LAS VEGAS (FOX5) -- Due to the pandemic, the USDA has made school meals free for all students this school year, including those in the Clark County School District, but some families are saying they're worried students are not being given enough time to eat.
A former CCSD teacher said she isn't surprised to hear this.
"They'd have a meltdown, is what the parents would tell me," said Brittany Richey, who worked as a kindergarten teacher with the district, and later as a substitute. "They were having meltdowns like crazy after school because they were so tired and hungry ... They only get 20 minutes for lunch and 10 minutes for recess, so by the time they get to the cafeteria, it's already been about two or three minutes, and by the time they get through the line it's already been at least five minutes, and so they don't really have much time at all, especially the kindergarteners."
The CDC recommends kids have at least 20 minutes of seat time for lunch, a measure of time that begins once they've sat down with their food. Subsequently, the Nevada Department of Agriculture adopted this guidance.
"These things are basic human needs, and so without those being met, it's hard for students to learn at their full potential," Richey said.
It's a problem CCSD families have complained about for years, according to Nevada PTA President Rebecca Garcia, but some parents said they worry the problem has been compounded during the pandemic.
"I think it's a combination, again, of staffing, and I think there's more kids taking advantage of the hot lunch that's available at school and it's free," Garcia said.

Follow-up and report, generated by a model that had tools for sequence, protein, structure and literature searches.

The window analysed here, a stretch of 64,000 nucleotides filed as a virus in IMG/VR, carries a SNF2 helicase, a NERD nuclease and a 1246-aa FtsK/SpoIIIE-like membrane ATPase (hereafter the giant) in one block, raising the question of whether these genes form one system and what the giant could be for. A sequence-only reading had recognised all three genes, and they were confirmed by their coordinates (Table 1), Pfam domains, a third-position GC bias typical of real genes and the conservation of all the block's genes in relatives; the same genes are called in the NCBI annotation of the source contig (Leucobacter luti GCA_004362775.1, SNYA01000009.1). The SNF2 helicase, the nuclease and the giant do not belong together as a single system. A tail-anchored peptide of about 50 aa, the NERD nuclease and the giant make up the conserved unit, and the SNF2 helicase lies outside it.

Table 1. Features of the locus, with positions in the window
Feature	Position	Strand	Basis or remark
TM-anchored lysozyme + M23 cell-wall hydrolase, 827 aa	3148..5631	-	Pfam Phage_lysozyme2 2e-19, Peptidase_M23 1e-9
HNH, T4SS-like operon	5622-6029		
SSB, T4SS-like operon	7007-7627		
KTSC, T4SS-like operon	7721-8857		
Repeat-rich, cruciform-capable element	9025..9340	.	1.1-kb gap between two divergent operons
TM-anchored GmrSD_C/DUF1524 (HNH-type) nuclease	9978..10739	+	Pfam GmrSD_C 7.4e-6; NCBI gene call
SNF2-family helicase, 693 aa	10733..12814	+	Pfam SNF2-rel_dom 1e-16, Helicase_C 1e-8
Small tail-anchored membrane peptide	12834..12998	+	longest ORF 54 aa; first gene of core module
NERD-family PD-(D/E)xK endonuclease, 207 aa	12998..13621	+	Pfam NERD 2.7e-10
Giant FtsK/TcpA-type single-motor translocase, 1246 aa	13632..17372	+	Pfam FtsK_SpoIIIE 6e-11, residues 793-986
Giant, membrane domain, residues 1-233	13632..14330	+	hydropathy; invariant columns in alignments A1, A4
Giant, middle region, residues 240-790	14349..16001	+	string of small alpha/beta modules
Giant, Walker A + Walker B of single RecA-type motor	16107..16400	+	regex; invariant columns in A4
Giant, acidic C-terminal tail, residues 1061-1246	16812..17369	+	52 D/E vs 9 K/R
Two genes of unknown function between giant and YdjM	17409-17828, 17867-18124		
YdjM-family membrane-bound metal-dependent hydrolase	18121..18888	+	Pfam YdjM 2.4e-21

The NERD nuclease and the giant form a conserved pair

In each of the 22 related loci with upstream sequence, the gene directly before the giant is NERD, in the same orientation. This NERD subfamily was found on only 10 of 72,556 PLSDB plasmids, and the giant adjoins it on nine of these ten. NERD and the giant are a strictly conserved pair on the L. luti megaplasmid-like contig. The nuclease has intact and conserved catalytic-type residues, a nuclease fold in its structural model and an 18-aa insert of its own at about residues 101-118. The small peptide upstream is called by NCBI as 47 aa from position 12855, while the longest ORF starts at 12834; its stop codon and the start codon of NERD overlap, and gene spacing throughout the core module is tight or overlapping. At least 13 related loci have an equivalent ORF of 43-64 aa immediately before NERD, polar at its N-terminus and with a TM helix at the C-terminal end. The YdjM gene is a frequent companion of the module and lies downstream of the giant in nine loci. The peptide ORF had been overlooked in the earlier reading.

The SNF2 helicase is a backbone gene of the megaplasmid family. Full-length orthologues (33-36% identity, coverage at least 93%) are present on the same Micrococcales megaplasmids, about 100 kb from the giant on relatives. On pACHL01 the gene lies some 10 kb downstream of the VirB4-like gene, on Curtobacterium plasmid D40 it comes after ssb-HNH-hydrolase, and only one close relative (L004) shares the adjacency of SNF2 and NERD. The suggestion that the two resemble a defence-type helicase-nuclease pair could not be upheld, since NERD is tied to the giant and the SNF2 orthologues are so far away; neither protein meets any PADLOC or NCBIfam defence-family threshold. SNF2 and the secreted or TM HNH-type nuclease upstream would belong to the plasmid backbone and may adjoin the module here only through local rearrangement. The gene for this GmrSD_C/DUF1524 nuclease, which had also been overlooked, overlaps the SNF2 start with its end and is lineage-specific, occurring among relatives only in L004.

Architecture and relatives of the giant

It prompts a question in the age of COVID-19: How do you somehow try to structure lunches to become more safe, but feed a higher number of kids in such a short and compressed time?
Garcia also runs a CCSD Parents Facebook page. She said lunchtime issues and transportation issues are the two topics parents have been expressing the most frustration with since the start of the school year. She said many parents want to see change.
"There's a lot of parents that would support longer recesses, or more recesses and a longer lunch period," Garcia said.
But Garcia pointed out that longer lunches could mean extra costs for the district.
"You have to also then look at the financial ramifications of that, and whether or not the district can absorb it and whether or not teachers would accept a longer contract day," Garcia said.
It comes down to each individual principal how they manage it, which Garcia feels ultimately leads to this question: "How is the district supervising administrators in their planning?" she asked.
The CCSD communications office couldn't yet be reached for a response when FOX5 reached out Sunday.